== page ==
The world of the Sapphire Robin Hood is on first acquaintance a masculine one, where women are motherly figures or else sycophantic adornments. This changes with the third episode, which includes a brief glance of Marion and establishes that she has turned down all proposals of marriage, most of them from the Sheriff, as well as introduces the semi-regular character of Joan, barmaid at the Blue Boar Inn where the enforcers of the regime loosen their tongues. The first female guest star in the episode is the Countess of Bedford, who exists to demonstrate aristocratic decadence and the racialism of her husband the Earl of Bedford, who disparages his wife as a ‘Latin’ and justifies his treatment of Little John as a chattel by boasting of Norman intellectual superiority to Saxon stock, in a scene with echoes of the American slave market as well as the racial policies of the Third Reich. Strong stuff, perhaps, for a series broadcast by a US network as well as by ITV in the UK, even if it was innocuously placed in early-evening children‘s/family viewing. Uncomplicated stories of good and evil they may be, as The Times remembered on Richard Greene's death, but it is these political notes which sound the series’ moral chorus.

There is fun recognising actors in guest roles. Leo McKern appears in two different parts in two consecutive episodes, and this is nothing given the doubling-up by other performers within the same episode, with some actors appearing among the outlaws and the Sheriff’s men almost simultaneously. Leslie Phillips appears in the fourth episode, ‘Friar Tuck’, as the curiously-named Sir William of Malmesbury - approximately anticipating the 'Geoffrey of Monmouth' of the latterday BBC/Shine Merlin. Phillips makes the most of his role as a young member of the foppish ruling elite whose passion for his intended bride, Mildred, runs less deep than hers for her blacksmith lover. The intended bride herself is introduced in jerkin and hose and knocks Robin out with a bottle, mistaking her protector Friar Tuck's satisfaction with his credentials. Robin awakes to find Mildred changing into feminine attire, represented first by the camera focusing on her hose-clad hips as she removes the jerkin, and then her feet being washed from under a petticoat. Richard Greene's face expresses the alarm of a serious adolescent who doesn't want to acknowledge the existence of that, and he pretends to be asleep. Sadly with her masculine outfit goes Mildred's assertiveness and she has some particularly fragile dialogue. Nevertheless after nearly fifty-seven years The Adventures of Robin Hood remains spirited entertainment on its own terms as well as a capsule of 1950s concerns.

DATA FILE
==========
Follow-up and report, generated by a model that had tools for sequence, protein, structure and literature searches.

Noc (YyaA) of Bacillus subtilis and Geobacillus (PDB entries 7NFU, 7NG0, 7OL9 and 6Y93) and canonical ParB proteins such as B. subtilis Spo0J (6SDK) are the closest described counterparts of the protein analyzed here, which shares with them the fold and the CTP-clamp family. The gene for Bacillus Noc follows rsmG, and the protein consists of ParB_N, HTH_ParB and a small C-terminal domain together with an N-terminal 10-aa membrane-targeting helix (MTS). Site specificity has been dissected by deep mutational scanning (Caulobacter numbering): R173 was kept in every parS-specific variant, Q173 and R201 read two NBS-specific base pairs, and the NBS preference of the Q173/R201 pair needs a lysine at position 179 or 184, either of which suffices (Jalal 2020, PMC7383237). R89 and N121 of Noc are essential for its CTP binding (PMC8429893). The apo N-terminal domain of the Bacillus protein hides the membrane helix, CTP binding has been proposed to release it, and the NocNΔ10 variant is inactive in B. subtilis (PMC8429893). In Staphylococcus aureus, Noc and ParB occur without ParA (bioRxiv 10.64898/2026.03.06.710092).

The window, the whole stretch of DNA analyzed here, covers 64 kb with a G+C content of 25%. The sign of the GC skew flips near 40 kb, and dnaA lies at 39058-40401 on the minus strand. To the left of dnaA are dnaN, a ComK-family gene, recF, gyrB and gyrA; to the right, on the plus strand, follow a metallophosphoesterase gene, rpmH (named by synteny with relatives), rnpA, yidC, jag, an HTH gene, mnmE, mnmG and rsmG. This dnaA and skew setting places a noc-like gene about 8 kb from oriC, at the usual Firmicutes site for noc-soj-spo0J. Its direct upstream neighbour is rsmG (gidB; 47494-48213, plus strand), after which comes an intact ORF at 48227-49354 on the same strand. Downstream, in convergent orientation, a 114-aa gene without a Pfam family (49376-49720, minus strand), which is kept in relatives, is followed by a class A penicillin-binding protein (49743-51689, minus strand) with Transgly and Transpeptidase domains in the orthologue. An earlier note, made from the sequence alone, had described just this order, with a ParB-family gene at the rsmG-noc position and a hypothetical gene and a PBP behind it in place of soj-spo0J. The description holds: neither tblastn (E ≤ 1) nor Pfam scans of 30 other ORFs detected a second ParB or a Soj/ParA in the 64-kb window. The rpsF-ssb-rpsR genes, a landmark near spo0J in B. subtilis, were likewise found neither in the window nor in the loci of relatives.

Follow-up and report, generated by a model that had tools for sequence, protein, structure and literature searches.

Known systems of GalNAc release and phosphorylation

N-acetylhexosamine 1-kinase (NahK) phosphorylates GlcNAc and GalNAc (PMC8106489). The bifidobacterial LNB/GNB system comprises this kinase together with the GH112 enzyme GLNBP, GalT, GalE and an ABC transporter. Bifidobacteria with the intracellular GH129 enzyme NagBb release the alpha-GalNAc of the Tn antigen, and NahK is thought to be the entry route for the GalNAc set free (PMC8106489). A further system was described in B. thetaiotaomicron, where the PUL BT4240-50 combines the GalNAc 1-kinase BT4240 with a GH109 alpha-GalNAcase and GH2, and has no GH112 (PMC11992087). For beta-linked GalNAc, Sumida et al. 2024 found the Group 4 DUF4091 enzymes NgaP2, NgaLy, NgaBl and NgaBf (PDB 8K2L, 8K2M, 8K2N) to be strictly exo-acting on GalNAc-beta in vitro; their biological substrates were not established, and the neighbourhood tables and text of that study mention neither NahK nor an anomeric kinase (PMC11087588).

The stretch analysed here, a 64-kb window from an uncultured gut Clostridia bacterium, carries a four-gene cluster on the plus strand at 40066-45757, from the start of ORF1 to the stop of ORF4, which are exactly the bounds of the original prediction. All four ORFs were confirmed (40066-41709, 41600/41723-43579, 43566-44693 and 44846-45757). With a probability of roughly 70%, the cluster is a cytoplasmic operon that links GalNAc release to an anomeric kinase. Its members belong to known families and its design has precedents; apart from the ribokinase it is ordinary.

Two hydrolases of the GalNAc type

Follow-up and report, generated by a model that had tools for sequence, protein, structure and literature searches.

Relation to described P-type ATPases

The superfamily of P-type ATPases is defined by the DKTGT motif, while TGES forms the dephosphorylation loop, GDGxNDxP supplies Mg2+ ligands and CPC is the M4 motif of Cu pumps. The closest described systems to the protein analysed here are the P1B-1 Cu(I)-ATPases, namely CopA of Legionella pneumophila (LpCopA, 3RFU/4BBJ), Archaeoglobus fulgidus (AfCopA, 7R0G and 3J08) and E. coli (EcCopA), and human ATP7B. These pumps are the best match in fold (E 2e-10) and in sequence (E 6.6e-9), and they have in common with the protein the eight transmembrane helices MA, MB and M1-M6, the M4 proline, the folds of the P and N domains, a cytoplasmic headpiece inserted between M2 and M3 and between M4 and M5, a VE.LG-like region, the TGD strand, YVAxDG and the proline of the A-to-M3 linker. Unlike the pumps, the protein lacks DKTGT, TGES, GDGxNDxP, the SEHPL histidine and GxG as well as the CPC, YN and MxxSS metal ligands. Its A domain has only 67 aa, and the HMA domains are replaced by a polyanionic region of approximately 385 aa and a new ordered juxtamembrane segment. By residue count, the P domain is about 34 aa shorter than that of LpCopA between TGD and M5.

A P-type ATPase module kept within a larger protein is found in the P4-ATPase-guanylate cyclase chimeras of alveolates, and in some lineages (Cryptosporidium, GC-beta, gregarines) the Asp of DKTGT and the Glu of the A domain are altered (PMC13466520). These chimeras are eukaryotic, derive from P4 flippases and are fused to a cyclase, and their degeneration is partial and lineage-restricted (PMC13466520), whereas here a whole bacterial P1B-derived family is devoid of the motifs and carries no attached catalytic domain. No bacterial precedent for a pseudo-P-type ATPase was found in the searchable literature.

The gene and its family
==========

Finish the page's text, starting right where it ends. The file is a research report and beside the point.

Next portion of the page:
ETA: A slightly amended and illustrated version of this review now appears at The St James's Evening Post
A report on Doctor Who set designer Michael Pickwoad's talk to the Friends of the Bodleian Library, Oxford, on location filming in historic buildings. Doctor Who was mentioned briefly - but the man should write a book, or have a camera following him, as he has a lot to say.
So, farewell then (again) Upstairs Downstairs, after an erratic second season which failed to satisfactorily build on the strenghts of the 2010 miniseries. There are petitioning groups set up on Facebook and Twitter in an attempt to reverse the BBC's decision, but any extension would have to see the direction of the series rethought. From her utterances on Twitter (where she was extremely courteous to my expression of regret), Heidi Thomas appears too exhausted by the job of running UpDown and the much more lauded Call the Midwife to be showrunner for two series at the same time, a reminder that British television series drama seems to rely too heavily on a small pool of talent. UpDown probably lost a valued champion when Piers Wenger left BBC Wales, and the absence of Eileen Atkins and Jean Marsh from this series left a void: though there was much to enjoy, something died with Solomon the monkey.

ETA: Now also at The St James's Evening Post, slightly revised.